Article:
When it opened almost 65 years ago, the little room off the lobby of a Miami Beach resort was a small hideaway for sipping cocktails. Now, if you can believe it, cocktails aren’t served within these walls (though there’s a bar right outside them). What you’ll find instead is Miami’s newest Michelin-starred restaurant, an intimate, elegant 18-seat spot that serves beautifully imagined modern French cuisine.

Tambourine Room by Tristan Brandt opened in December of 2022 at the Carillon Miami Wellness Resort, and after less than six months in existence it earned a Michelin star earlier this year, becoming the 12th Michelin-starred restaurant in South Florida.

Six months seems an awfully short time in which to prove that a restaurant is Michelin star-worthy. But Brandt has history behind him: He was head chef at Opus V restaurant in Mannheim, Germany, in 2013, when the restaurant earned two Michelin stars, and in 2022 his restaurant Epoca by Tristan Brandt in Switzerland also earned a Michelin star.

“We wanted to show Miami something new,” he told the Miami Herald when the restaurant opened. “It’s always a challenge for me to surprise our guests with different tastes.”

Surprises — the pleasant kind — are what makes dining at The Tambourine Room such a delight. Brandt’s dishes are colorful, creative, playful while still retaining the glow of painstaking expertise. They look like miniature works of abstract art and taste even better. Sometimes, there is foam involved.

And though most dishes are presented on simple white plates, you’ll remember the presentation with as much of a thrill as you will the food itself.

You can’t sip a cocktail with your meal

Brandt believes that his tasting menus are best experienced with wine, so the restaurant only serves wine. After trying a wine pairing, we’d have to say he’s onto something here. The wine choices are surprising and inspired — one course comes with sake, which is unexpected — and obviously chosen with care. You can also order wine by the bottle or bring your own bottle if you don’t mind paying a whopping $75 corkage fee.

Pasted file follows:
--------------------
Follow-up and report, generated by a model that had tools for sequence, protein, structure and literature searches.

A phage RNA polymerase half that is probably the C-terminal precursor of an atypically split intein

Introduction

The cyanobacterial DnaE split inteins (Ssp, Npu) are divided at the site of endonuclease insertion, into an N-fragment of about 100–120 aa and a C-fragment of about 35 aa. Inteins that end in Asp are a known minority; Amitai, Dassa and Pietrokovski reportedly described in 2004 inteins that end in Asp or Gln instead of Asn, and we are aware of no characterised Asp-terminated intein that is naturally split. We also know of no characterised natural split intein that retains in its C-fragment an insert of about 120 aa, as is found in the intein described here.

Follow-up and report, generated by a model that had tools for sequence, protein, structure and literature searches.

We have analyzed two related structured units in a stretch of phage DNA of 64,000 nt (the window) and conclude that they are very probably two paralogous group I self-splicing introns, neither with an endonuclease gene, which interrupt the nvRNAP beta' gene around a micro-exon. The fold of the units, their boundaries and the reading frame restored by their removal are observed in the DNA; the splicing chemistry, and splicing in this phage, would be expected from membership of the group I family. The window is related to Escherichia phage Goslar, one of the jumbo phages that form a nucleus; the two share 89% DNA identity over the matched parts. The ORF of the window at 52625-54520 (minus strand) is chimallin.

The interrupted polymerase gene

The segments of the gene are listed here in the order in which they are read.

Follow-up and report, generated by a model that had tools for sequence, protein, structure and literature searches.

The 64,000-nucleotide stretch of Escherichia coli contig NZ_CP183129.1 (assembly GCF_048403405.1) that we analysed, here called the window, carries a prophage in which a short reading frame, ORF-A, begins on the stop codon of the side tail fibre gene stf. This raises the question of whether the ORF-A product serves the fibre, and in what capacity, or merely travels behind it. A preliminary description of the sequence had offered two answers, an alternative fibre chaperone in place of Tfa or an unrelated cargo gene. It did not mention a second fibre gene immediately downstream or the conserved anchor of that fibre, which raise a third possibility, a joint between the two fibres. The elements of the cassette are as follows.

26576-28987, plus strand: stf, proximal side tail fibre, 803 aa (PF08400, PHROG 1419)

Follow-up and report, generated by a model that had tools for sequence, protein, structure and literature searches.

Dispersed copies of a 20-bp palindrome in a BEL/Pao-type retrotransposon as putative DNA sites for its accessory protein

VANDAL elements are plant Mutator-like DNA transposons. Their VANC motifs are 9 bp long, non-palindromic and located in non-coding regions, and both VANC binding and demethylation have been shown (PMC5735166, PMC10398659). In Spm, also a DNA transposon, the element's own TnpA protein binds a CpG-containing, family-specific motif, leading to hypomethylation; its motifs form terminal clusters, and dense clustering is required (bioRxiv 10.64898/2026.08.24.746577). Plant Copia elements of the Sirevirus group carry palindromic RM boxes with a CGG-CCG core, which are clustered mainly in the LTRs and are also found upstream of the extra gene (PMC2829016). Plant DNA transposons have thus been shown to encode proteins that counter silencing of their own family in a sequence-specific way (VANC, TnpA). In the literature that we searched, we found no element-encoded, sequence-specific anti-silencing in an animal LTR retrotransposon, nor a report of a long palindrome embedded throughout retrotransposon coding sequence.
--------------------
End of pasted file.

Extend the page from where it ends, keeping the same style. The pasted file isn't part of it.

If you can’t get through the evening without a cocktail, arrive early and have a drink at the Carillon’s lobby bar right outside the restaurant or grab a nightcap there on your way out.

What to order

Welcome to the easiest part of your dining adventure. All you need to do is decide whether you want to try the three-course menu or the six-course menu. After that, it’s up to the chef.

The Tambourine Room does offer vegetarian options for every menu item, but that’s about as far as your choices go. There are no options for gluten-free, nut, vegan, kosher, or dairy-free dishes. Like all tasting menus, the menu here requires an open mind and the desire for culinary discovery and is probably not the place to be if what you eat is restricted.

How it begins

Before you even get to the main dinner course — we opted for the six course menu because who wouldn’t? — Tambourine Room has a couple of treats for you: a series of tiny amuse bouches, which includes a hidden stash of curry-and-sugar pecans, then a larger “golden egg” wrapped in real gold.

If you’re the sort of person who enjoys the social media aspect of it all, get your phone ready. The sublime bite of oxtail is served atop a bowl of smoke just waiting for you to put your filters to work.

And don’t worry — your server will guide you through the order in which you should eat them.

The Golden Egg is topped with caviar, surrounded by Parmesan foam and accented with cauliflower. It’s entirely possible this is the best thing on the menu, though fortunately you will not be required to choose.

Your dinner

Tambourine Room courses come with little explanation, each described simply by its main ingredients: Ceviche | Avocado | Mango, say, or Beetroot | Coffee | Citrus. Main courses in the spring menu, which is now being served, include veal, Ora King salmon and guinea fowl, all prepared in ways you have almost certainly never tasted before.

If you want to know more, don’t hesitate to ask the knowledgeable and first-rate servers for more detail. They’ll happily provide it.

At some point, you’ll be served a small round loaf of bread. Save it to mop up various foams and sauces.

Pre dessert, dessert and post dessert

Dessert is next level at Tambourine Room. We’d tell you to save room for it, but there’s no way you left anything on your plate up until now, so all you can do is forge ahead.

The spring menu dessert involves rhubarb and raspberry and elderflower, but there’s a pre-dessert of pineapple, passionfruit and coconut before you even get to the main event. Afterward, you can choose from a series of bite-sized petits fours. No, you don’t need any more sweets, but who among us is strong enough to refuse?



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